Over the last few years, we have matured into an integral part of our community infrastructure. We are a conduit for myriad community voices. We built our reputation on creative partnerships amplifying the work of diverse artists while providing a range of programs to our community. Because of this philosophy of inclusivity, we believed that everyone had equitable access to AVFS and the programs we provide. However, we now understand that our approach has been based on economic, educational, and socio-political systems that treat white people as the norm and people of color as “other.” As a result, we unwittingly perpetuated and reinforced racial inequities in our programs, audiences, and leadership. In order to truly become an organization that welcomes everyone and offers equitable access to our films and programs, we must shift to a proactive, equity-centered approach in all aspects of our work.
We should and will do better. In order to do this successfully, diversity, equity, belonging, and access must be core values of our organization.
AVFS will be an anti-racist organization, where we have full participation from and shared power with people of all races, ethnicities, gender identities, sexual orientation, immigration status, and socio-economic status in determining each aspect of our work. We understand that many people hold multiple marginalized identities, and we strive for an intersectional approach in our equity work.
Here are the goals and actions we will take in the short, mid and long term:
- Become more diverse and equitable, increasing belonging and access as an organization so that we are more credible in addressing these same issues in the community.
- Strive to partner only with individuals and organizations that value collaboration as key to dismantling racism, ableism, sexism, xenophobia, homophobia, and transphobia within our organization and the broader society.
- Collaborate with organizations and individuals in the community who successfully lead efforts in diversity, equity, and belonging.
- Acknowledge that we are on unceded Pomo land and work with Native-led groups on how best to represent that through our programs. (see below)
- Attract and retain job candidates, volunteers, board members, filmmakers, vendors, suppliers, and business partners from diverse backgrounds.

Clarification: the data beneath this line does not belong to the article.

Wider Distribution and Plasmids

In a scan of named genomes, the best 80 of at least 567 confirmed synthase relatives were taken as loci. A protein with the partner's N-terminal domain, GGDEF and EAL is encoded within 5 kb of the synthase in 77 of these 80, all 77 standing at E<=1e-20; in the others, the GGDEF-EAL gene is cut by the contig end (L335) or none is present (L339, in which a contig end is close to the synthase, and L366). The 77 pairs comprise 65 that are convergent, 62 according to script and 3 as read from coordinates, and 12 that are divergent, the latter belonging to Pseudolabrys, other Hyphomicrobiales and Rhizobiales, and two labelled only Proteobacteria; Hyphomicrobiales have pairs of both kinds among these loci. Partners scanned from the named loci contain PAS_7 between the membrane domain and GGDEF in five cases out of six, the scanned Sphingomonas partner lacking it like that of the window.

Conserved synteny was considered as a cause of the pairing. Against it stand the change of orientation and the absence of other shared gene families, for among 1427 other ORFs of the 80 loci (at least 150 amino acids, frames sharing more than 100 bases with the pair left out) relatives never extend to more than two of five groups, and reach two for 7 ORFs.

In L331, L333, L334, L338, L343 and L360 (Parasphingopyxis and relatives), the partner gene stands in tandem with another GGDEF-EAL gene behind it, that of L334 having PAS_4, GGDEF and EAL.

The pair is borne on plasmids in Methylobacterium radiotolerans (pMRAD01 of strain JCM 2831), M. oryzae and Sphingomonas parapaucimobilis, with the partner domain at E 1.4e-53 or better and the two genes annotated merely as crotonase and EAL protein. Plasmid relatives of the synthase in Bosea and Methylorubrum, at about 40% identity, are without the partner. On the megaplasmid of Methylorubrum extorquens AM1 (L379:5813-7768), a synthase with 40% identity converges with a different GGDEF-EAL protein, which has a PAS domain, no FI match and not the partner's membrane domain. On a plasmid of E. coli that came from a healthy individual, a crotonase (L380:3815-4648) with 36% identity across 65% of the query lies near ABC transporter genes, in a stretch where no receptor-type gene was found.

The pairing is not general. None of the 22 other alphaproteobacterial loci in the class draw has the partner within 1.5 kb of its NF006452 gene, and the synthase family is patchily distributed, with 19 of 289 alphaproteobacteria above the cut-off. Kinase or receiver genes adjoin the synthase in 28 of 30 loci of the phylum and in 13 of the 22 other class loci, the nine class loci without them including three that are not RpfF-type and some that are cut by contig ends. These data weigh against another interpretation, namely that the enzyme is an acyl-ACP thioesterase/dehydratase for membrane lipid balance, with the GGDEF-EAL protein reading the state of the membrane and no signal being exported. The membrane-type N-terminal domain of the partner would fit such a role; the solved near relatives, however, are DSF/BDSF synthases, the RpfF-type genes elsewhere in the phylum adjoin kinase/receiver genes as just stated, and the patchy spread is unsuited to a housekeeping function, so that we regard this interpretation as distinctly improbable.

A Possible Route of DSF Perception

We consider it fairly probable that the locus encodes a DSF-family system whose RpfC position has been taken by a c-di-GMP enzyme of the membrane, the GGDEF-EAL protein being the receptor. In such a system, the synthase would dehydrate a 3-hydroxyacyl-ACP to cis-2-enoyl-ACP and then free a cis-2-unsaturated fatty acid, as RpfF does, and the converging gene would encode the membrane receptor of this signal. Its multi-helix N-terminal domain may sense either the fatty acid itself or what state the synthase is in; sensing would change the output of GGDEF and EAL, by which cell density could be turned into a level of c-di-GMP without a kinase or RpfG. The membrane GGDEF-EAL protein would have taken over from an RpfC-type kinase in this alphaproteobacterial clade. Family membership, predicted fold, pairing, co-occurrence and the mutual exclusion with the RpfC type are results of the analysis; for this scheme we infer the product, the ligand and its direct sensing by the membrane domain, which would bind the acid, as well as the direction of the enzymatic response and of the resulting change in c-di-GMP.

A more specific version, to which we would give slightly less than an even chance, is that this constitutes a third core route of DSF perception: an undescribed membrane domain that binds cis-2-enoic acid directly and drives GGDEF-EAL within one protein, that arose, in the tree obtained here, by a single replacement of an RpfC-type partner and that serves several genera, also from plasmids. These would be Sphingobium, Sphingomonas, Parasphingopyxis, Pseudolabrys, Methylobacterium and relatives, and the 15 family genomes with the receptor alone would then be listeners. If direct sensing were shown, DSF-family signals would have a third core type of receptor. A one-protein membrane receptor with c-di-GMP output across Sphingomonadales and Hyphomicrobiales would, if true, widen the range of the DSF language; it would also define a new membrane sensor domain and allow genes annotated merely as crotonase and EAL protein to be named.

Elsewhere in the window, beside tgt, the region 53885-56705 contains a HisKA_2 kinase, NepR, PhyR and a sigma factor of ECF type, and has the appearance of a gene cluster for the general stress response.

- Assess and proactively design programs and events with diversity, equity, belonging, and access in mind.
- Integrate diversity, equity, belonging, and access educational opportunities into our public events so that our audiences may deepen their own understanding.
- Amplify the art of marginalized communities by centering films and filmmakers from marginalized communities and paying them fairly for their work.
- Disallow hate speech within our programs and within our spaces.
- Work with equity facilitators to inform our ongoing work, providing board and staff engagement, and training and compensating staff for their energy and time in this work.
- Complete an organization-wide equity audit during 2021.
- Reassess our internal and partner policies through a racial equity lens.
- Create better methodologies for receiving feedback from our partners and community members.
AVFS asks for active collaboration with our community, and our commitment to racial, cultural, ethnic, gender, and disabled equity is no different. We ask you to come with us on this journey and invite you to reach out to us with feedback and ideas, and to hold us accountable to these values. Please e-mail us at info[at]avfilmsociety.org.
We consider this to be a living document; we welcome and encourage feedback.
AVFS Land Acknowledgement
The Alexander Valley Film Society (AVFS) recognizes that we are on unceded lands of the Coast Miwok, Pomo, and Wappo. We respectfully acknowledge the Indigenous people who have lived here for thousands of years and who continue to contribute in meaningful ways to their communities and our society as a whole. Our shared history includes the genocide, forced removal, and ethnic cleansing of Indigenous people. AVFS is committed to centering Indigenous voices and stories to recognize the past and celebrate the resiliency of Native people and their culture. Our deepest thanks go to Nikki Myers Lim and the California Indian Museum and Cultural Center and Clint McKay for assisting us in this, our first draft.
This acknowledgement does not take the place of authentic relationships with Indigenous communities but serves as a gesture in respect to the land we are on.
We invite everyone watching and listening tonight to text 855-917-5263 with your zip code to learn more about the ancestral lands on which you live, work, or visit. For more resources, please visit our website at avfilmsociety.org/equity.
Though we are still early in articulating and demonstrating our commitment to equity, we arrived at this moment with good hearts. Our internal equity work showed us that we unwittingly perpetuated and reinforced racial inequities in our programs, audiences, and leadership. In order to truly become an organization that welcomes everyone and offers equitable access to our films and programs, we must shift to a proactive, equity-centered approach in all aspects of our work.
What are some of the land acknowledgement resources that provided support for this project?
- Native Land Digital land map: https://native-land.ca/
- The California Indian Culture and Sovereignty Center land acknowledgment toolkit: https://www.csusm.edu/cicsc/land.pdf
- With inspiration from Sonoma County Regional Parks work on this issue
- Honor Native Land Toolkit https://usdac.us/nativeland
- Native Governance Center https://nativegov.org/a-guide-to-indigenous-land-acknowledgment/
Join our mailing list